Ramen noodles are overtaking tobacco as the most popular currency in US prisons, according a new study released on Monday.
A new report by Michael Gibson-Light, a doctoral candidate in the University of Arizona’s school of sociology, found the decline in quality and quantity of food available in prisons due to cost-cutting has made ramen noodles a valuable commodity. “[Ramen] is easy to get and it’s high in calories,” Gibson-Light said. “A lot of them, they spend their days working and exercising and they don’t have enough energy to do these things. From there it became more a story, why ramen in particular.”
Gibson-Light interviewed close to 60 inmates over the course of a year at one state prison as part of a wider study on prison labor. He did not identify the prison to protect the confidentiality of the inmates.
He found that the instant soup has surpassed tobacco as the most prized currency at the prison. He also analyzed other nationwide investigations that he says found a trend towards using ramen noodles in exchanges. “One way or another, everything in prison is about money,” one soft-spoken prisoner named Rogers said in the report. “Soup is money in here. It’s sad but true.”
It also shows the precarious nature of food quality and standards in prisons:
Prisons are different from the outside world. But they’re not different enough to exclude basic human behavior: wherever there’s an opportunity to stockpile something of value, people with the means will do so. And then they’ll use that power against people who have less.
For years, prisoners used cigarettes to do this. Now that cigarettes are contraband in most correctional facilities, something else had to take their place. It could have been Q-tips or envelopes, but ramen noodles have been commoditized because inmates are hungry thanks to slashed food budgets, according to a study released Monday at the American Sociological Association’s convention.
These study results are disturbing, not only because austerity budgets threaten services provided to incarcerated people, but because the prevalence of ramen consumption behind bars is just another example of how prisons allow their wards to be poisoned.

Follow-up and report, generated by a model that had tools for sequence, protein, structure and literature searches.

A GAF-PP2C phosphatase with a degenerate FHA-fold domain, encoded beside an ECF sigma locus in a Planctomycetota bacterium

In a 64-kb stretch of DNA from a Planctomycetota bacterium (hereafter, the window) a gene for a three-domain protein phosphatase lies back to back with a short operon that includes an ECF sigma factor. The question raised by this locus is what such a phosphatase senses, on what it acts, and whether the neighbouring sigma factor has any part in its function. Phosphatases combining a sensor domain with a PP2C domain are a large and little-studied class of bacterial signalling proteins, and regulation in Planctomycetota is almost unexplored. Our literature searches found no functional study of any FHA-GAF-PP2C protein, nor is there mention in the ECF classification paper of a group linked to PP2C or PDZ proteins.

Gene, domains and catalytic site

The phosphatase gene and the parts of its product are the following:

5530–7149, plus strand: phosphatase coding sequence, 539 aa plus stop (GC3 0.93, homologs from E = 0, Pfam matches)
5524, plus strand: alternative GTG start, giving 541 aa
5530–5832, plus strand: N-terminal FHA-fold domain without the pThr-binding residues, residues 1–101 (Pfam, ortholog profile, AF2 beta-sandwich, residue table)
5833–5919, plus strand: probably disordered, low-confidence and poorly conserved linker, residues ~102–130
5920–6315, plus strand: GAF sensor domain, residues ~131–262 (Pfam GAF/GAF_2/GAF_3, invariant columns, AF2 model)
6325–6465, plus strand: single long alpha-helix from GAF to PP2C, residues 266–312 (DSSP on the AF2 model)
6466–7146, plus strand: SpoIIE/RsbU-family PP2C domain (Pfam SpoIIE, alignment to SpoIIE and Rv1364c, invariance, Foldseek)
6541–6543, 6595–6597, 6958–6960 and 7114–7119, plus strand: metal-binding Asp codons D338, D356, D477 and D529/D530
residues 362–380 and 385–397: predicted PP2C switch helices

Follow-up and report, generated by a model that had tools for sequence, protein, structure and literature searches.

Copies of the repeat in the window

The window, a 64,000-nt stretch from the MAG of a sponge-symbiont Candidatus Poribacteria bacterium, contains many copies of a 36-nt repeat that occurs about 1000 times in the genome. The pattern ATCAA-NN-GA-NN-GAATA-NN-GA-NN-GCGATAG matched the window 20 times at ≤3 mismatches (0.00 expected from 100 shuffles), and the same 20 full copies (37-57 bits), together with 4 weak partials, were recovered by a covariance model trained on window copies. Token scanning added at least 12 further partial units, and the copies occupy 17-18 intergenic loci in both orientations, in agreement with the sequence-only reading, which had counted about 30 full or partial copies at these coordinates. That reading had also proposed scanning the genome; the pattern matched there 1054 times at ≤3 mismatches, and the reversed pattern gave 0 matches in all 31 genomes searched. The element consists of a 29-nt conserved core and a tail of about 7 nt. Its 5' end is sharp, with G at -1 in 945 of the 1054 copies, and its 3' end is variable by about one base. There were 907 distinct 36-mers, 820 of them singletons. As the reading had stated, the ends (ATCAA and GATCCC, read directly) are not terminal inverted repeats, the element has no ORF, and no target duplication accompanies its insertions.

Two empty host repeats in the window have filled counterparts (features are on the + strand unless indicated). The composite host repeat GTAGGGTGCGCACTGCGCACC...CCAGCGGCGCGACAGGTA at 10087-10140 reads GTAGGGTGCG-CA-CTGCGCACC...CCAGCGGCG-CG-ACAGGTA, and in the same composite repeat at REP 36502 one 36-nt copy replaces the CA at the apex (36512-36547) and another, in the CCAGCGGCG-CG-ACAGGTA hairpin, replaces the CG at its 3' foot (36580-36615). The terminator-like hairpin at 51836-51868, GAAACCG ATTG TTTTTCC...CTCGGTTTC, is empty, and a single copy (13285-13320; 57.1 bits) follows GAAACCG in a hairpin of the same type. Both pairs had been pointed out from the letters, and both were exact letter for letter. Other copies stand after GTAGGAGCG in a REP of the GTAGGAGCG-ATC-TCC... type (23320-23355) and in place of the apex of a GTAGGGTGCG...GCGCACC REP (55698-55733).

When it comes to food, my experience serving more than six years in a maximum security prison is different from others’. I worked in food service every day for nearly five of those years, so my meals were different from the standard-issue trays.
But my time in the kitchen taught me more about correctional food provision than scholars even know. While working in prison kitchens, I learned that the diet is designed to provide between 2,100 and 3,000 calories per day even though there is no specific prison food law outlining a minimum caloric intake. No one who subsists on prison food will waste away.
But they will feel hungry, because the meals are the worst combination: high calorie and low satiety. For example, soups are thickened excessively with starch and hot cereals loaded with margarine to increase their caloric value. A half cup might provide 10% of an inmate’s daily intake, but it’s still only a half cup of soup or cereal. Even inmates who have consumed three prison meals want to supplement their daily intake with more food; it’s the reason why so many inmates (particularly women) gain weight rather than lose it. It’s also why a 25-cent package of faux pasta has risen to prominence and become coveted when it used to be low on the food chain.
Neither cigarettes nor noodles are good for health but remain the widely used currency. The usual discussion on money will just point to how these commodities are also used as currencies. But does not dwell on the negative impact of these widely used currencies in the prisons.